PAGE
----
Brexit: Quitting EU a severe threat to major projects
A Brexit would put the funding for York Street Interchange at risk, a body representing construction firms in Northern Ireland has claimed.
The Construction Employers Federation (CEF) said the project was among several major public infrastructure projects here at risk of missing out on funding if the UK left the EU.
While day-to-day maintenance spending on roads here is unlikely to be affected by a vote to leave on June 23, it could affect the viability of large cross-border projects in the future.
According to the Department for Regional Development (DRD), the York Street Interchange project is estimated to cost between £125m and £165m.
As a key arterial route completing the link between Belfast and Dublin, the scheme is expected to draw a significant amount of EU funding. It's understood that this could account for as much as 40% of the project's total cost.
The CEF said it has not yet take a stance on the issue of European membership, because the views of its members vary.
But it warned that several major projects could face difficulties if the decision was taken to leave the EU.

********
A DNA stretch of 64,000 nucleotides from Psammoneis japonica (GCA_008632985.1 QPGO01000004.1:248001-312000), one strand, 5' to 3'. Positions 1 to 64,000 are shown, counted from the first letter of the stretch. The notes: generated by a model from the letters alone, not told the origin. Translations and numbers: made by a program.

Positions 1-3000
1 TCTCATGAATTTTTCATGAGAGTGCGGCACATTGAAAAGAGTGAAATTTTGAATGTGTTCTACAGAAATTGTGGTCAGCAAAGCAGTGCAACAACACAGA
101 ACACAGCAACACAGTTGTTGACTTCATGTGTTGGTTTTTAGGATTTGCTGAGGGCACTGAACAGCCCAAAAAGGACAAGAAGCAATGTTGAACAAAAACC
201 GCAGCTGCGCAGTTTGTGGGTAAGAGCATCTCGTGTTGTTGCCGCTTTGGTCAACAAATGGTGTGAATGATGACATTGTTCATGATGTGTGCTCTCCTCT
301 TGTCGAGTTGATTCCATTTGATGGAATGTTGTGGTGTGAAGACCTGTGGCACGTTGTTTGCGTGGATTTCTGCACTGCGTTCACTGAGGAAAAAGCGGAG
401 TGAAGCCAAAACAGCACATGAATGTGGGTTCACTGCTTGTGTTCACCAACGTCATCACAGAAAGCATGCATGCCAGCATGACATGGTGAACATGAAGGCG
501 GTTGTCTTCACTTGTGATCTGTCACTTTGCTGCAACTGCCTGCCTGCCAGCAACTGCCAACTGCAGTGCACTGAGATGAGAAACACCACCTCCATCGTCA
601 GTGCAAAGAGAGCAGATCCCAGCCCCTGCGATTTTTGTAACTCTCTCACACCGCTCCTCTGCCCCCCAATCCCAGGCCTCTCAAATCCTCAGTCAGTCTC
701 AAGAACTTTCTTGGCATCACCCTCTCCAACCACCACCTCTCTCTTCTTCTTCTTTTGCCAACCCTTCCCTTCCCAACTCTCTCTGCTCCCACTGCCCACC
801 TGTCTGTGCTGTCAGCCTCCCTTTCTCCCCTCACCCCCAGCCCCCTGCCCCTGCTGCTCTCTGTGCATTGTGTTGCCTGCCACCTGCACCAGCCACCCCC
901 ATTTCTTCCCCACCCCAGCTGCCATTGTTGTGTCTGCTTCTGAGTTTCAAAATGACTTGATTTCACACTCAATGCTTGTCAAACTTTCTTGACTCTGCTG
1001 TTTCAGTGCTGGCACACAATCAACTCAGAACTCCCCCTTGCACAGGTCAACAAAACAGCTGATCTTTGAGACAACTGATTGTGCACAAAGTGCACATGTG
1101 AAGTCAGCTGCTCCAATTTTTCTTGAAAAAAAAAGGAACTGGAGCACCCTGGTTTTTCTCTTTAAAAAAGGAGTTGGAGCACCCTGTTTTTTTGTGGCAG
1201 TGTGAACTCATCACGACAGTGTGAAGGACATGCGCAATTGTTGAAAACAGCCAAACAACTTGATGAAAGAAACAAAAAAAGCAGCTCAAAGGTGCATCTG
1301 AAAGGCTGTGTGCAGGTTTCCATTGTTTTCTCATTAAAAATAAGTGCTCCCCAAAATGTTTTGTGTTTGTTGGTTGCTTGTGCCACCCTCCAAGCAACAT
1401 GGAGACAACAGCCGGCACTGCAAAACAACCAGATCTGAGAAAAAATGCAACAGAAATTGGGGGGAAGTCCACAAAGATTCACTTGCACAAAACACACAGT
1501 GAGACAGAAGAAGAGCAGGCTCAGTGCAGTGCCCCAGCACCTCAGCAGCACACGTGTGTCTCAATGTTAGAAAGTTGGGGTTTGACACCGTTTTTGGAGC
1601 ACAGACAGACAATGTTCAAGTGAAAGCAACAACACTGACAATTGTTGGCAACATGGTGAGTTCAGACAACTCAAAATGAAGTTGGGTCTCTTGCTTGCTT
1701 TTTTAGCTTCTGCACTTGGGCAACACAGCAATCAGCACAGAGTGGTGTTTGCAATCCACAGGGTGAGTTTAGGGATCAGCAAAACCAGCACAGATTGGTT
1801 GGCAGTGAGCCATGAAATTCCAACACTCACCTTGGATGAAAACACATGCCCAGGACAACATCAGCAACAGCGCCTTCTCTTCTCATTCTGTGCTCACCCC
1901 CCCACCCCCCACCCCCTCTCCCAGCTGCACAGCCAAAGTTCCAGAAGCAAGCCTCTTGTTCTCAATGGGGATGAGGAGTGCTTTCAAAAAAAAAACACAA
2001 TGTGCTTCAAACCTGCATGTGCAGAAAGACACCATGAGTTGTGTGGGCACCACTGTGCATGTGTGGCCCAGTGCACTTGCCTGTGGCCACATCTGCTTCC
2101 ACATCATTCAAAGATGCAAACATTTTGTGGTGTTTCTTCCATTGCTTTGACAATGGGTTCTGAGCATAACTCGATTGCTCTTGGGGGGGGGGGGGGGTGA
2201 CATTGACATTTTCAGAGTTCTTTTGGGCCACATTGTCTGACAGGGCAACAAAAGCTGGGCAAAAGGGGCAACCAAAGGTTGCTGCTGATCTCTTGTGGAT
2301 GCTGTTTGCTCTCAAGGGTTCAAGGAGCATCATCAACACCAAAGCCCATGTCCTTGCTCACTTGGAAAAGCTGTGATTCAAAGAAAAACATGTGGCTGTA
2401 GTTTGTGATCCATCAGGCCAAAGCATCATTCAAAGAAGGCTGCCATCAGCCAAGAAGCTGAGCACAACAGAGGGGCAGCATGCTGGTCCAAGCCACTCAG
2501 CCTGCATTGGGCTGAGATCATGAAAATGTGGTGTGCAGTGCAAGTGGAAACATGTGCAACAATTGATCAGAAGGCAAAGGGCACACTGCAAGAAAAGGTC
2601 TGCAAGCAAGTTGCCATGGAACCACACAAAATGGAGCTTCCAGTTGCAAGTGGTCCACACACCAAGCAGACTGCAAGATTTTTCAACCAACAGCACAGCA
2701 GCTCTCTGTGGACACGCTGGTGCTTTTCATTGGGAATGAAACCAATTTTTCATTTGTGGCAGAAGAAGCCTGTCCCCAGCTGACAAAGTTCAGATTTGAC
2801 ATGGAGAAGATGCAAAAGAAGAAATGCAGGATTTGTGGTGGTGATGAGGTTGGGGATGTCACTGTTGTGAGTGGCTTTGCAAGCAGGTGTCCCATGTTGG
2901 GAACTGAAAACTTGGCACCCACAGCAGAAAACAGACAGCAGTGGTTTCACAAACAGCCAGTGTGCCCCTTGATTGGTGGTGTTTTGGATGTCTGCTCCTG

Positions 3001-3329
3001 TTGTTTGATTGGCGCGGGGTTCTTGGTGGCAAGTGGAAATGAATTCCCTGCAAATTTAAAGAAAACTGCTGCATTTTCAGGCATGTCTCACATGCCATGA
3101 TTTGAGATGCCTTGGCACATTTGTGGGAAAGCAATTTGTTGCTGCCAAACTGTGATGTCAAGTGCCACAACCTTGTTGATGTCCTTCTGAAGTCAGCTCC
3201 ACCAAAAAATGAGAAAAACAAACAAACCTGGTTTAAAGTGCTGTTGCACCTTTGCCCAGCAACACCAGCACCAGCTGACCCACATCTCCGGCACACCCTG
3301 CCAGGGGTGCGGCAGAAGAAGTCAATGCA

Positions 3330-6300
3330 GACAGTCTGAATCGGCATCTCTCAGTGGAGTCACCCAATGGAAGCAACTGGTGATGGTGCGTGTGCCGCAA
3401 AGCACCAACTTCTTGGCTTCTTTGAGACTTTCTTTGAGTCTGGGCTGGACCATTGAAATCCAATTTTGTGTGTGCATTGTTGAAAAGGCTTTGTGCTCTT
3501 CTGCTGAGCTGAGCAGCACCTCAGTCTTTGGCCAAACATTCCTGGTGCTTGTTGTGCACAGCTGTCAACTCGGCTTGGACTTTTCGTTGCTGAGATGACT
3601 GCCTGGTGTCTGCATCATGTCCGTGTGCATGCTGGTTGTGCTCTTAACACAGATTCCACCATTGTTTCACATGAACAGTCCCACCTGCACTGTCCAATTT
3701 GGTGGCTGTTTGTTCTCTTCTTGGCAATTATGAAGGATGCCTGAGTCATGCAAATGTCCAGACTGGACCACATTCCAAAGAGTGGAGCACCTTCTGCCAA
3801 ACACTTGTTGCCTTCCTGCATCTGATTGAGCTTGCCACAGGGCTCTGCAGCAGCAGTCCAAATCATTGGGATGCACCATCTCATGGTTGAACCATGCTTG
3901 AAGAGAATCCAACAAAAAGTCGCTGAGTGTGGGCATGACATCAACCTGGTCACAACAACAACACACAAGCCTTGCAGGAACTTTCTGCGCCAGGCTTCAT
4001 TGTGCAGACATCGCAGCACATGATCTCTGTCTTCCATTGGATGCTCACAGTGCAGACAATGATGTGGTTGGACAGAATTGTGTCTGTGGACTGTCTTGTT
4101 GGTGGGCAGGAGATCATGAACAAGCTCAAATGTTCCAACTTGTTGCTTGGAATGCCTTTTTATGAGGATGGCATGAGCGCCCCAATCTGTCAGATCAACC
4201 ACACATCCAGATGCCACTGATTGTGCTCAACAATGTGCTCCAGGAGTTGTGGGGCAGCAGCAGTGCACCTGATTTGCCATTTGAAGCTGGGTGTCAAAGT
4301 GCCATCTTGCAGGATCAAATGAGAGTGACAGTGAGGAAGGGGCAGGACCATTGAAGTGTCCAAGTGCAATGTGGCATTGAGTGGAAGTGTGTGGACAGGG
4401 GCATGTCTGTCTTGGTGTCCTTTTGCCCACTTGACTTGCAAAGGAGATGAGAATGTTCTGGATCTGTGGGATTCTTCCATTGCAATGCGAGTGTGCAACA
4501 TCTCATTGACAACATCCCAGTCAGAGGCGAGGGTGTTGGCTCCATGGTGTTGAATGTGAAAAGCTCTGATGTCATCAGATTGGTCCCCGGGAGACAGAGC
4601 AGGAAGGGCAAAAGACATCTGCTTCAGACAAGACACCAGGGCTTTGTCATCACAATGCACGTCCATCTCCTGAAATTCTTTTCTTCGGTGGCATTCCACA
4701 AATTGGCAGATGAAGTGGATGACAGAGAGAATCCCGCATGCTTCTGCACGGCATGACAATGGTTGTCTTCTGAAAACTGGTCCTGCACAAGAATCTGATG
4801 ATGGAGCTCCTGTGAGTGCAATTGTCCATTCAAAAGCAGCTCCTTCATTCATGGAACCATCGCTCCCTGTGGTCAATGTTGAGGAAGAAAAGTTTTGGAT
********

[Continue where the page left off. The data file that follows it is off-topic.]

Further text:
Managing director John Armstong said that many of its smaller members also had concerns about the levels of bureaucracy in the EU.
But he said that should the UK leave, many large public sector construction projects could be derailed by a loss of European funding.
"We are consulting with our members at the moment, however we are conscious that a significant number of major infrastructure projects are heavily dependant on European Union funding," he said.
"Because these projects are seen as cross-border major arterial routes, they have been eligible for European funding."
Mr Armstrong added that the failure of large infrastructure projects here would be a huge setback to the construction industry at a time when recovery is still slow.
"If we don't spend on infrastructure we will not be able to attract inward investment," he said.
European funding contributes millions of pounds to Northern Ireland infrastructure improvements every year.
In July, €14.4m (£11.25m) of EU funding was set aside to upgrade the Coleraine to Londonderry rail line.
Work on the Knockmore to Lurgan rail line also received around €9.7m (£7.58m).
The year before, £2.8m of European funding was allocated towards a transport hub which is planned to be built on the site of the existing Great Victoria Street bus and train station.